By carving out some time to make room for these and other minor surgical procedures, you will see an increase in your practice revenue. Using dot phrases and templates helps you by giving you the time to be able to do this. Check out this study that found that for every hour of direct clinical face time with patients, nearly two additional hours is spent on EHR and desk work within the clinic day. 

You have to learn the rules of the game. And then, you have to play better than anyone else. 

Albert Einstein

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Know Your Coding

If you want to get better at billing, you need to get better at coding. Know the rules of the game inside out. Read the AAFP’s FPM Journal and the FPM’s Blog Getting Paid. They are a great starting point.

Physicians routinely undervalue services they are already providing. Taking a coding training course might help you become more confident in the worth of the work that you are doing.

There are many courses out there. For example, the E&M CodeRight® course by MediSync can help you gain a clear understanding of the key components needed to calculate the level of coding. By incorporating this knowledge StatNote dot phrases could help physicians capture the essentials of the visit with minimal effort. 

By using StatNote dot phrases physicians can capture what actually goes on in the exam room. Instead of selectively picking from the laundry list of problems the patient presents at the visit.

As we transition from fee-for-service to value-based care, it is also important to know where other sources of revenue could come from. Insurance companies use HCC coding to assign patients a risk adjustment factor (RAF) score. Using algorithms, insurers can use a patient’s RAF score to forecast costs and therefore pay your practice. The AAFP has good educational materials, including this HCC Crash Course.

Other good resources are Optum360 EncoderPro and the AMA CPT Professional book. They are good reference tools when you want to get the right CPT code for your procedure. You can also have your most frequently used CPT codes built into your dot phrases so that you can easily retrieve common E&M and CPT codes used for billing.

Optimize Your Medical Documentation

Being more efficient at documenting your progress notes can have a huge impact on your time and therefore could potentially enable you to increase your income. Practicing at the top of your license, doing preventive care, minor procedures, or work outside the clinic are ways to maximize that revenue.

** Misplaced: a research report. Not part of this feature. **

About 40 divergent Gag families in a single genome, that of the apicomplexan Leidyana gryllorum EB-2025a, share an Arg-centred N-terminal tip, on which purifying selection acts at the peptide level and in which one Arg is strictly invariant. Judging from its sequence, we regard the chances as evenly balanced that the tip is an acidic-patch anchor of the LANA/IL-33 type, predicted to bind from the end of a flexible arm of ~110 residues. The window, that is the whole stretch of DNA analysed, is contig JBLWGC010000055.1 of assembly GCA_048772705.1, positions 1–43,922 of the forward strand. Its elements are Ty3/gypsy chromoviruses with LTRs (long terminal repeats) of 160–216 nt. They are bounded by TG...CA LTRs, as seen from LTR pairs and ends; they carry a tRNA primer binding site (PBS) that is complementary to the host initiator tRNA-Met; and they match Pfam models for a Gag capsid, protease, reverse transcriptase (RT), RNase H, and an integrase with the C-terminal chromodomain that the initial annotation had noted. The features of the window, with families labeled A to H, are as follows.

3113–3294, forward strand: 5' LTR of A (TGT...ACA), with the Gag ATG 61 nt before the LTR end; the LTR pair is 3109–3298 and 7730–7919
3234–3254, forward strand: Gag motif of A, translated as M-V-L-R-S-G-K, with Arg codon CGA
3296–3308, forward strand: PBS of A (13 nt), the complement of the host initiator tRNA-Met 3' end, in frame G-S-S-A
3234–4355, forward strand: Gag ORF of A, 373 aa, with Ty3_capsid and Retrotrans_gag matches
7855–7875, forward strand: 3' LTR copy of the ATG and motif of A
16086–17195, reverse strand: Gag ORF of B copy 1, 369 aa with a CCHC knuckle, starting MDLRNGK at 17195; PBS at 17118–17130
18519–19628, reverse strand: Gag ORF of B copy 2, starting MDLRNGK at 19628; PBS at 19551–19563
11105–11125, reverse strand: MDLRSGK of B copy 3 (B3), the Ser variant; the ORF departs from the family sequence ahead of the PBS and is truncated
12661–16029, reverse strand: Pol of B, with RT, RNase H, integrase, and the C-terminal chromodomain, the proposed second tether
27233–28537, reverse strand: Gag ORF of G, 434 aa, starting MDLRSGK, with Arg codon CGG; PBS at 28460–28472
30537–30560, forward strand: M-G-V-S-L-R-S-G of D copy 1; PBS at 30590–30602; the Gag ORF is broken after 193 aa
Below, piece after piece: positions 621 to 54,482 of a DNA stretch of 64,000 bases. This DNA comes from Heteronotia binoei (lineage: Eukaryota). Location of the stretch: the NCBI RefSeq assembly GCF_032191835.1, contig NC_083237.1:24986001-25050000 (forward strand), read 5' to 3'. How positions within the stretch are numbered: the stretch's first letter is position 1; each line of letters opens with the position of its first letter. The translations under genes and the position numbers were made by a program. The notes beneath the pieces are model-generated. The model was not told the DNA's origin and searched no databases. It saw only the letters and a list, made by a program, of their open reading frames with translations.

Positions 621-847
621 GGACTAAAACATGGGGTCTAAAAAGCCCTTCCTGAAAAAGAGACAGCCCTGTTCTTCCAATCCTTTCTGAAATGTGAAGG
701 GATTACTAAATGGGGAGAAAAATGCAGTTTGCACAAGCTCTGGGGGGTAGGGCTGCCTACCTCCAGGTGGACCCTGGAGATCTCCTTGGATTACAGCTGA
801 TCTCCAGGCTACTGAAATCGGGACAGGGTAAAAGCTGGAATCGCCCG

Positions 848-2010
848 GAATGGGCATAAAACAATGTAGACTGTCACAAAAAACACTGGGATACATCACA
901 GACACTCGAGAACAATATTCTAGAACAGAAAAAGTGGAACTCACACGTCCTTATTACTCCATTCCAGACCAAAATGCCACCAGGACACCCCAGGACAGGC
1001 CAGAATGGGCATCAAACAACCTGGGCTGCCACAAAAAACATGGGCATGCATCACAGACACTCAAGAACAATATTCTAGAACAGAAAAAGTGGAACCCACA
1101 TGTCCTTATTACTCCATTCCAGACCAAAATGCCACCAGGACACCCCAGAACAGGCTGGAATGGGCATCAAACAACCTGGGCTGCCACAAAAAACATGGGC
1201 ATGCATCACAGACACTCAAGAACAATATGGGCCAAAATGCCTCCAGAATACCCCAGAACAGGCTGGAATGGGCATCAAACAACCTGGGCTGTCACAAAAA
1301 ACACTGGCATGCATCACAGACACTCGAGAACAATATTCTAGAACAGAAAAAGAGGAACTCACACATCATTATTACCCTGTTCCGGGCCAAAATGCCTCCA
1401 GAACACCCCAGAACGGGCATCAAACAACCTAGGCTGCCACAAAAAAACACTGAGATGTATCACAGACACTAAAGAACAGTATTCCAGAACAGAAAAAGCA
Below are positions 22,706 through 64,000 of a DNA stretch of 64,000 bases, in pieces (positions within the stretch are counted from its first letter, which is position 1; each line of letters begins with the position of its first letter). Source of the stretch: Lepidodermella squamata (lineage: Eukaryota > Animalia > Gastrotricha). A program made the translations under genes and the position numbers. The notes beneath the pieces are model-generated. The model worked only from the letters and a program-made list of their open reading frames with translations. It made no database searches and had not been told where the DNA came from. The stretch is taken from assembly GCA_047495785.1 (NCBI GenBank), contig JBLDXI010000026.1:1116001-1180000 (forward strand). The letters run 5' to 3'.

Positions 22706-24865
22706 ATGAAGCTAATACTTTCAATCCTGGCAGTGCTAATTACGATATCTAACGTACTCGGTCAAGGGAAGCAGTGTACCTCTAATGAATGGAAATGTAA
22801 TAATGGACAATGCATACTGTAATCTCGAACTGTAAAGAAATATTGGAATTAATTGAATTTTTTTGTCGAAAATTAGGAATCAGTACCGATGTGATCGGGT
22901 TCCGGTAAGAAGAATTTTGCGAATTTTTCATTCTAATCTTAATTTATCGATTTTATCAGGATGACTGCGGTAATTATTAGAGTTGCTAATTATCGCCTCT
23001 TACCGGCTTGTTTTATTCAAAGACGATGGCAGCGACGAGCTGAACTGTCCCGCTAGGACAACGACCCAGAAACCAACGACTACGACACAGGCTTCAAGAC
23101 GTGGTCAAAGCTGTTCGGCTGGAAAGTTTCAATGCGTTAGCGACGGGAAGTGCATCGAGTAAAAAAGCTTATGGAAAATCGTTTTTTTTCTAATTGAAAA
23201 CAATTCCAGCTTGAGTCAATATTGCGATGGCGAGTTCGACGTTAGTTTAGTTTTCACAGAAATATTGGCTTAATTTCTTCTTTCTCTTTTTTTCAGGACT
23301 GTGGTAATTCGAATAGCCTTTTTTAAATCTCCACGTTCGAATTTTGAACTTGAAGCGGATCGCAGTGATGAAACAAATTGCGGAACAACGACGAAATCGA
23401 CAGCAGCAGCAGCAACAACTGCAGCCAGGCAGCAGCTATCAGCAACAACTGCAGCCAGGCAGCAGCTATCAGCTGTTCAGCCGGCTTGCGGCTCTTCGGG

By reducing time in front of the computer, you can spend more time with your patient. For example, you can take the time to do Advance Care Planning with your senior patients, counseling on tobacco and alcohol use, or even do psychotherapy with your depressed and anxious patients. All of these counseling services should typically be reimbursed if they are properly documented.

Comprehensive care and doing what is best for your patient and for the healthcare system will also be the best for you. This will ultimately increase the joy of practicing medicine and enable you to be a Rockstar Doctor!

What do you think? What changes have you implemented in your practice to increase revenue? What tools do you use to optimize your medical documentation? Comment below!

Discover Chartnote – We are passionate about preventing physician burnout by decreasing the burden of medical documentation.

About Chartnote

Chartnote is revolutionizing medical documentation one note at a time by making voice-recognition and thousands of templates available to any clinician. We know first-hand that completing notes while treating patients is time-consuming and an epic challenge. Chartnote was developed as a complementary EHR solution to write your SOAP notes faster. Focus on what matters most. Sign up for a free account: chartnote.com


1. Center for Medicare & Medicaid Services National Health Expenditures and Selected Economic Indicators, Levels and Average Annual Percent Change: Selected Calendar Years 1990–2013 Washington, DC: Center for Medicare & Medicaid Services, Office of the Actuary; 2004.

2. Nicoletti, Betsy. “Four Coding and Payment Opportunities You Might Be Missing.” Family Practice Management, 1 June 2016, www.aafp.org/fpm/2016/0500/p30.html.

Posted on: December 15, 2019, by :